"Maximum Electric Piano" was one of Roger Miller's projects after the first Mission of Burma breakup, when he set the guitar aside and moved on to piano partly because of tinnitus. I can easily picture Miller's brain as one being on constant boil, and he attacked the piano like a mad scientist, jamming haircombs, roach clips, bolts, and pieces of wood into the strings to make all kinds of weird sounds.
I saw Maximum Electric Piano after "The Big Industry" came out, at the Night Shift in Naugatuck (must've been '88), and Roger was fairly animated during the show; while he was busy jamming things into his piano before each song, he would hold up all the different implements that he was using and explain what he was doing, so there was no artsy pretense at all. I think it was also the first time I ever saw someone use a digital delay on stage (which I guess is fairly commonplace now), where Roger would play one passage to a song and then put it on constant loop so that he could play another part over it. Of course, being a rabid Mission of Burma fan-- an easy thing to say now but not so much back then, especially to anyone outside of New England-- I was mostly in awe of what was going on, even if it was also a little saddening, like watching your favorite ballplayer being reduced to a pinch runner or something.
One of the things I remember most about the show was earlier that day, when I accidentally figured out how to rewind the film in my camera after I'd already taken a picture, which I thought would lead to some interesting effects. I needed to play around with it first, so I took a picture of a movie poster that was in my room, and then later at the show I told Roger what I was up to. He was really cooperative about it, and stood next to the payphone at the Night Shift, beer bottle in hand, for what I hoped would be my astonishingly artistic double-exposed portrait of Roger Miller. It didn't work, naturally, though the picture at least came out halfway decent. I still had the photo up until about 5 or 6 years ago, when a soggy basement wiped it out.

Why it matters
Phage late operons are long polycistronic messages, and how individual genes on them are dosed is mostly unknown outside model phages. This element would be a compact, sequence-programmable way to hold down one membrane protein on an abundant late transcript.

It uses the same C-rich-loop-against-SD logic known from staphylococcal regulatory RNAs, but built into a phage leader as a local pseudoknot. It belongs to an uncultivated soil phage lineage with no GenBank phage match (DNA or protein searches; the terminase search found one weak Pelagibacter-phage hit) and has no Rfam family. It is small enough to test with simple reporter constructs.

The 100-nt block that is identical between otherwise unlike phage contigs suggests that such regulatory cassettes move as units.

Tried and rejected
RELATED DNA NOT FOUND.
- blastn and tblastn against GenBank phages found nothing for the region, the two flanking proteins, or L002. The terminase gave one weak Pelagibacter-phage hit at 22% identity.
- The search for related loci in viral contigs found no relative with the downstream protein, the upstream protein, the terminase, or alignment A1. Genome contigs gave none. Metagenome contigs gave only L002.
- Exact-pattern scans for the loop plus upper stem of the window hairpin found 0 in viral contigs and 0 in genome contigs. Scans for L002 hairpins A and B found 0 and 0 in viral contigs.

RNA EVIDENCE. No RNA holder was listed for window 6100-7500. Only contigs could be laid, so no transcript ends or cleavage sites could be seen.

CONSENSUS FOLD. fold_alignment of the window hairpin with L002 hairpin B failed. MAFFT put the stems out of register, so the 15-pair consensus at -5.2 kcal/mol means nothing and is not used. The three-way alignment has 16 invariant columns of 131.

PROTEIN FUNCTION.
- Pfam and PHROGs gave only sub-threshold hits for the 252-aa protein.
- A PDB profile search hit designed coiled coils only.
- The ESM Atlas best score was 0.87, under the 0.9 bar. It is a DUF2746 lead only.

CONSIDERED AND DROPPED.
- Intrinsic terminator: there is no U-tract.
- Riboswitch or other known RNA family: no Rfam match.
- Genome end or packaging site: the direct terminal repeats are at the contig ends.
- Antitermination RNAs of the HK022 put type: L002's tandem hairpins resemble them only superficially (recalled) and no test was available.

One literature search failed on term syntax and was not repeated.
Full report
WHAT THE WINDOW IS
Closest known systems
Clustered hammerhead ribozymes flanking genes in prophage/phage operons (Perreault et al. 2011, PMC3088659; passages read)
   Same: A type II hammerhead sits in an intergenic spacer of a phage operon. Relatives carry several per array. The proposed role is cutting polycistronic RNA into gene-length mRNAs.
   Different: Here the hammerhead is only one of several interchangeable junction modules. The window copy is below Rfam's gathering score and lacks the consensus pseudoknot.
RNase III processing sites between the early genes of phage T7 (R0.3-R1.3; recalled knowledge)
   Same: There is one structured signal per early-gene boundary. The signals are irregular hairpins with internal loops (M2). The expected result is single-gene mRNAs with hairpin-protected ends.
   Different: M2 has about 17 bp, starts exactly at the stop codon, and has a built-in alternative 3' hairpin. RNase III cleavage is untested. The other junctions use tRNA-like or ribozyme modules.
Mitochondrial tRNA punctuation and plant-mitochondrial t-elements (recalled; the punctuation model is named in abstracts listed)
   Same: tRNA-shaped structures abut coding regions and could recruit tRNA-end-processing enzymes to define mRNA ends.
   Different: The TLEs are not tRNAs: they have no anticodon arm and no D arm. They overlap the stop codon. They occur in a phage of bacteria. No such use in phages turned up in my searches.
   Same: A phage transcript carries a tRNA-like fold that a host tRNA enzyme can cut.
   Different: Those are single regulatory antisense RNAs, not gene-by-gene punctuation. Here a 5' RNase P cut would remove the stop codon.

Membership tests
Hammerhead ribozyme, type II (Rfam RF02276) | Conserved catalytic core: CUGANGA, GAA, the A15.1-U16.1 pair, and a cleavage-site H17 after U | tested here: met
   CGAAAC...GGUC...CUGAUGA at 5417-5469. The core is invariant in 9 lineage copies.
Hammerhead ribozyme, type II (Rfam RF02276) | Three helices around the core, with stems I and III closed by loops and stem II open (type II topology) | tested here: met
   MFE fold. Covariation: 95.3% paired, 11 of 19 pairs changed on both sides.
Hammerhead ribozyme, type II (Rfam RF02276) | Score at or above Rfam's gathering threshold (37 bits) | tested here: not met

There are no guitars or synthesizers used on "The Big Industry", which makes for an intriguing idea (much like my double-exposed photo), though some of it sounds better in theory than in practice. I prefer the tracks where Roger just makes a lot of noise, like on "Hammers" or the sprawling, seven-minute "The Big Industry", rather than when he tries to create a regular song and ends up with something that's kind of over-baked. Roger did a cover of "Manic Depression", which turned out to be a good idea for one reason, as it was the first thing that all the local write-ups would mention when plugging the record: "He plays Jimi Hendrix, but on a piano, blah blah blah", because lousy music writers always get excited whenever somebody they don't quite "get" covers a classic rock tune... I guess it makes them feel reassured about their outdated musical tastes, or something.
Thank god for guys like Roger Miller, or we'd be listening to a lot more shitty music nowadays.
Roger Miller -
(these files are now listen-only)
"The Big Industry"
"We Don't Know Why"